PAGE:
From the moment the Nintendo Switch was first announced, fans knew it was coming: a new version of Super Smash Bros. It took about a year after the console’s launch for Nintendo to catch up to that expectation, and a few months more until it promised the next game in the series would be the most complete iteration of the fighting game ever made. To drive the point home, Nintendo baked it into the game’s title:.
This was supposed to be the best version of Smash Bros, the game that had everything fans wanted: every character who had ever appeared in the game; all of the most iconic stages and items; faster gameplay; better online support and more.
If you glance at the game’s Metacritic score, it seems like it has met those expectations: fans and critics alike love Super Smash Bros. Ultimate. But the honeymoon is starting to wind down. We’re starting to see flaws.
That isn’t to say SSBU is bad, or even a bad Smash Bros. game. In fact, it might be the best entry in the series since fan favorite Melee — but there are some real shortcomings we need to talk about. The issues revolve around two major aspects of the game: the single-player Adventure Mode and anything that involves online multiplayer.
Adventure Mode is a shell of what it could be
Let’s be honest: Nobody ever expected Super Smash Bros. to be a platform for good storytelling. But that doesn’t mean nobody ever played a Smash game for the story. Despite being a game that’s mostly about orchestrating increasingly ridiculous fights between iconic Nintendo characters,boldly included an adventure mode. The Subspace Emissary offered six to eight hours of gameplay, sprawling platform levels with diverting paths and nearly an hour of cutscenes filled with action, comedy and drama.
World of Light, Super Smash Bros. Ultimate’s single player adventure mode, has almost no platforming levels, very little story and about 10-15 minutes of cutscenes — 20 if you include the ending credits.
It’s not necessarily a bad single player mode, it just feels like wasted potential. World of Light tasks the player with rescuing captured fighters and battling clones of the Smash fighters who have been possessed by spirits of characters from other games. It’s a clever framework that allows the game’s cast of 74 fighters to represent countless other characters. It even takes place on an enormous, gorgeous world map the player can wander around and explore — but it’s also a soulless experience.
Apart from the opening cutscene, the player never gets to see the characters he rescues interact with each other. There are hardly any moments that drive the story forward, or scenes that show off the fruits of the player’s labors. There aren’t even bonus levels or platforming segments to break it up — just spirit battle after spirit battle.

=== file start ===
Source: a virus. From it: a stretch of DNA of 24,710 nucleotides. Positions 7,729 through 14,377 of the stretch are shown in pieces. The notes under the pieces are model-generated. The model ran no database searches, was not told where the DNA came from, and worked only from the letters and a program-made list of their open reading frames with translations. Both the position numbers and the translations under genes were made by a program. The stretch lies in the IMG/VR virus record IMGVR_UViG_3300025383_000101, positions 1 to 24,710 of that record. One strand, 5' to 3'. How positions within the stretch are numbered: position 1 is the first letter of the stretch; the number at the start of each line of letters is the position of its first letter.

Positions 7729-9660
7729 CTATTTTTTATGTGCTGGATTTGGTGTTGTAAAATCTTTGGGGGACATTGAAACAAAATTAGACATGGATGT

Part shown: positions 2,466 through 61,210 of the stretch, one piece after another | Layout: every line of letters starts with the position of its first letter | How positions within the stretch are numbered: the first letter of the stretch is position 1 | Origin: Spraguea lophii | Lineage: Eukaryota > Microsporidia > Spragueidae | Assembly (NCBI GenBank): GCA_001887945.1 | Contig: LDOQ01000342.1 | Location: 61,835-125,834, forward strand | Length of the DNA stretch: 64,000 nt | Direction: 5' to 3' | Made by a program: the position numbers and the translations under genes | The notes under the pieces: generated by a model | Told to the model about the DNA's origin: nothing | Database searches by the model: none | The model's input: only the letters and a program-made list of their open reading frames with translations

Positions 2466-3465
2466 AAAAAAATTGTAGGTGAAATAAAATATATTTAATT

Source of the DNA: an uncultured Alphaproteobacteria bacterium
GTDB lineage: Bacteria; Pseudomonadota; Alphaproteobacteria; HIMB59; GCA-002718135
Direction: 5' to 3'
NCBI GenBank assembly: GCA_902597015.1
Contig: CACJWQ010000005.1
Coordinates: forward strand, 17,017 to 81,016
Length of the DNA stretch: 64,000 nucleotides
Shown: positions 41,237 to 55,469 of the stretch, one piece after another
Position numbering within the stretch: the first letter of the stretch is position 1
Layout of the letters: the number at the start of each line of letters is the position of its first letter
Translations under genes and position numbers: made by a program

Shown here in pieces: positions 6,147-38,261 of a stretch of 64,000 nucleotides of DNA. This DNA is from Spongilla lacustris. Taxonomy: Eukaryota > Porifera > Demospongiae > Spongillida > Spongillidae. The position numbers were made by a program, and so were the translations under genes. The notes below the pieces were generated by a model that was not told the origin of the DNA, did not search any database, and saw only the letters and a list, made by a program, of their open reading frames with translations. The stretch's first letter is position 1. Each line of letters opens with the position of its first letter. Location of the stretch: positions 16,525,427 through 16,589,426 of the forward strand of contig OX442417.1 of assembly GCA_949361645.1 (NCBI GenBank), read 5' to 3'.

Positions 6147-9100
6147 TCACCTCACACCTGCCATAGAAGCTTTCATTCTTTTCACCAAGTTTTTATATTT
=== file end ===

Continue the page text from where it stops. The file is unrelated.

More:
It’s not as if Nintendo has lost its talent for making delightful cinematic mash-ups of Smash characters either. The character reveal videos for Metroid’s Ridley andfelt like pieces of an epic cinematic story that we never got to see, and King K. Rool’s introduction could have easily been lifted from a more lighthearted part of a larger story. Why did Nintendo make these incredible, Brawl-like previews of these characters interacting only to leave us with such a gutted and lifeless adventure mode?
The cutscenes that are in the game look great, but even those feel a little incomplete. In the opening cinematic, Fox and Zelda have spoken lines, but World of Light’s sparse plot points are delivered through voiceless subtitles, every word begging for a narrator.
Super Smash Bros. Adventure mode has a beautiful world map and a great basic framework, but it feels half done. And that’s a shame.
There’s nothing better than getting together with a group of friends, starting an argument over whether a hotdog is a sandwich or not, and settling the absurd debate in Smash. Ever since the series debuted on the Nintendo 64, Super Smash Bros. has been an epic, hilarious party game experience. That’s great when everyone is in the same room, but replicating that multiplayer magic over the internet is a challenge.
Smash Bros. Ultimate may have online multiplayer support, but setting up a match with friends is unnecessarily difficult. It’s not completely the game’s fault. Nintendo’s Switch Online service is notoriously bare bones compared to Xbox Live or PlayStation Network, to the point where it doesn’t have built-in voice chat or a group system of any kind. There is a friends list, and you can see when your friends are playing Smash Bros, but there’s no way to invite your friends to play with you or to join the game they’re playing.
That means that if you want to play a game of Super Smash Bros. Ultimate with your friends, you’ll need to call or text them first, tell them when you’re going to be online, make a private Battle Arena room in Smash Bros. Online mode and ask them to search for it or enter the arena ID code hidden in the Arena Settings menu that becomes available after you create a room.
Sound complicated? That’s because it is. And that’s not even getting taking into account the messy smartphone-app-required voice chat system.
Ultimately, this is a failure of the, but it would have been nice if Smash Bros. had accounted for those shortcomings. Sadly, it doesn’t. Playing Super Smash Bros. Ultimate with your friends is too complicated to be fun.